Balancing Act

March 9, 2014   1st Sunday in Lent   Romans 5: 12-19   Matthew 4: 1-11

Rev. Catherine Purves


     Do you ever get the feeling that the world is teetering precariously and could easily tip into war, financial ruin, or environmental disaster?  Is the situation in the Ukraine not frightening?  Will we ever feel secure in our health care?  Is ‘fracking’ the answer to our energy needs or a dangerous threat to the environment?  What will the economy do next?  The balancing act that we do to moderate threats, to control our worst fears, and to feel secure about the world’s future is rather exhausting.  How do you manage, in your own mind, in your own life, to hold these competing forces and threats in some kind of balance?  How do you deal with the uncertainty? 

     In fact, how do you deal with the certainty that things will go wrong, because temptation happens?  People will be tempted by power, wealth, and by the apparent freedom of living a godless life.  And when those temptations happen, sin happens.  And when sin happens, the delicate balancing act that keeps the world somewhat predictable and safe, that balancing act is upset.  Sin begets sin begets sin.  The world is not safe.  Sin leads to death and to the destruction of individuals, communities, nations, and the created order.  How can our balance be restored?  Do we dare to hope in a new and miraculous balancing act that will secure our future?

     Our reading from Romans, chapter 5 is a difficult one.  Paul is writing about huge ideas and he is looking at the whole of human history and God’s relationship with us.  He is trying to describe an elaborate balancing act.  There are a whole lot of things that are held in balance.  They are all mentioned in this passage:  Christ and Adam, sin and righteousness, life and death, the law and grace, God’s free gift and our trespasses, condemnation and justification, disobedience and obedience.  See how each pair represents a weight and a counterweight that serves to balance the two.  Christ and Adam, sin and righteousness, life and death, the law and grace, God’s free gift and our trespasses, condemnation and justification, disobedience and obedience.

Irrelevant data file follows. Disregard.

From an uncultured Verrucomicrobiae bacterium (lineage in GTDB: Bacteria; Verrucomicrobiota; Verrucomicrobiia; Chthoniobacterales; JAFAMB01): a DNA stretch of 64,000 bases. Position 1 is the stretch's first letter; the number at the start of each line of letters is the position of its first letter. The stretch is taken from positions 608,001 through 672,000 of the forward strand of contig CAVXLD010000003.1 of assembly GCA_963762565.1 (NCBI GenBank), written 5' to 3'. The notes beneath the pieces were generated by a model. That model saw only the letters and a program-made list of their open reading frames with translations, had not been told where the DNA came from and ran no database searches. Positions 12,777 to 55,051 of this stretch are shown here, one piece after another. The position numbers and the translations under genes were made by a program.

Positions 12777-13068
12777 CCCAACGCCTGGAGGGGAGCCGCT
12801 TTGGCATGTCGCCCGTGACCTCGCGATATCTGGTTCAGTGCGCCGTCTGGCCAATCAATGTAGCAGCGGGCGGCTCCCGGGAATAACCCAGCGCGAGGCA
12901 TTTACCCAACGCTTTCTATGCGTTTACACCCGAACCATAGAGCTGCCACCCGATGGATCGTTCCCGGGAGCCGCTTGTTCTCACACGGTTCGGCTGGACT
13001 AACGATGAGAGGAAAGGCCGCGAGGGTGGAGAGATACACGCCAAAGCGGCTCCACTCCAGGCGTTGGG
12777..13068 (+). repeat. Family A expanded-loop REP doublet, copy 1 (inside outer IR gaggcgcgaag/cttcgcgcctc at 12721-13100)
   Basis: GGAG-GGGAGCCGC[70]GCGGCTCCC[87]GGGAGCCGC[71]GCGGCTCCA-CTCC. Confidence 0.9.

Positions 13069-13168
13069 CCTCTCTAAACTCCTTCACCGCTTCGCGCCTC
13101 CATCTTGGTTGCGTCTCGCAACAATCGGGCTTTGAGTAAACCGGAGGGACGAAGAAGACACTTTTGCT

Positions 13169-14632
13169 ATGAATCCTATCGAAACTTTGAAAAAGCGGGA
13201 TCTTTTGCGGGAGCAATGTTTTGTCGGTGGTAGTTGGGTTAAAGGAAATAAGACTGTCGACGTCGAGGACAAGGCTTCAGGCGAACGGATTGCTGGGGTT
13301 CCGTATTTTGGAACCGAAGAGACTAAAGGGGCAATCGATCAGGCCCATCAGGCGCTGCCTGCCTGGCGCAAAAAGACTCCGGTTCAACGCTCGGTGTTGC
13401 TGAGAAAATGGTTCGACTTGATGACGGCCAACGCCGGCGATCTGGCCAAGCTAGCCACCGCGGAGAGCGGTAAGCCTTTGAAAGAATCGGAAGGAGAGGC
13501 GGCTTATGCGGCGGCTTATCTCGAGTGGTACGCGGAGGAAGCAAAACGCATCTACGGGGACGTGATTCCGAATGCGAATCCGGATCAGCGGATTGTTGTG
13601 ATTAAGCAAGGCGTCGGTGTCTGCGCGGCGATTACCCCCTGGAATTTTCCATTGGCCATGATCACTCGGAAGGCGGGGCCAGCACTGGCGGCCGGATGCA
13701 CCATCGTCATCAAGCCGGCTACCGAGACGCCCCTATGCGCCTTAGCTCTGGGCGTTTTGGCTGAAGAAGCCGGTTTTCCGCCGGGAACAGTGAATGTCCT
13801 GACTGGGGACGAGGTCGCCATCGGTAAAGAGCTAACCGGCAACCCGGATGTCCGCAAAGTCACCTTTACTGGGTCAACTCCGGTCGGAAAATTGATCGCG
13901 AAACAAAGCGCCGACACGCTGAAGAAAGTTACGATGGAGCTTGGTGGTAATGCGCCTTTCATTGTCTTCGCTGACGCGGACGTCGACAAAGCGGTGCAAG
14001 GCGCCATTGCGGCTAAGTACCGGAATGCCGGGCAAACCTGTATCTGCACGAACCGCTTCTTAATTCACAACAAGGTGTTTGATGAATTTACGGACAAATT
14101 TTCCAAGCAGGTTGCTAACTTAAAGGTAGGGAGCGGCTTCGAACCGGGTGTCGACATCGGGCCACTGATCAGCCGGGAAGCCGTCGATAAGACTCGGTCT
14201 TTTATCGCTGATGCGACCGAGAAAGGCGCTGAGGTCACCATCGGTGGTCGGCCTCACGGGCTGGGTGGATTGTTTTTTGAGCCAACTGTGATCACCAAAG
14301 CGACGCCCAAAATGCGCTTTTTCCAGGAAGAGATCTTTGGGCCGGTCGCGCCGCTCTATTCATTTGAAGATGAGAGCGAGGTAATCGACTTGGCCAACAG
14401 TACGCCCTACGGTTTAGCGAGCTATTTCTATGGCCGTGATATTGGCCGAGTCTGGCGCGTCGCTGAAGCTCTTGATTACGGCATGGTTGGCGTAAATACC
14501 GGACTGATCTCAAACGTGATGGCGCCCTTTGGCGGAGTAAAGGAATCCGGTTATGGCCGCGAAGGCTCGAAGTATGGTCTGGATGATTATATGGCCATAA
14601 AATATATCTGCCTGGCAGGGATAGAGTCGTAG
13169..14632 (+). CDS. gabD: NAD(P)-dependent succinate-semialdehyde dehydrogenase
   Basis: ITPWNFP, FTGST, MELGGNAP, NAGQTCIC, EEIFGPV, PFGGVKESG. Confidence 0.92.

Paul is arguing that without the considerable weight and power of God’s free gift in Jesus Christ, the world and everything in it would have long since tumbled into utter chaos, returning it to the state of that formless void that existed before creation.  It is only by God’s providence that the delicate balance of life is maintained.  Paul is in awe of the sheer power of God’s grace that is more than able to keep the forces of evil, sin, and death from upsetting and destroying the God-given balance of our world.

     This is good news, but it isn’t the best news, it isn’t the whole Gospel.  Paul wants us to see exactly how this apparently precarious balance is maintained so that we can have confidence and hope for the future.  That’s why this passage seems so convoluted and confusing.  Not only does Paul want us to understand those things that are held in careful balance, but he wants to assure us that, in effect, the balance was there from the beginning and through Jesus Christ it is a promise that will endure to the end.  But that requires some explanation.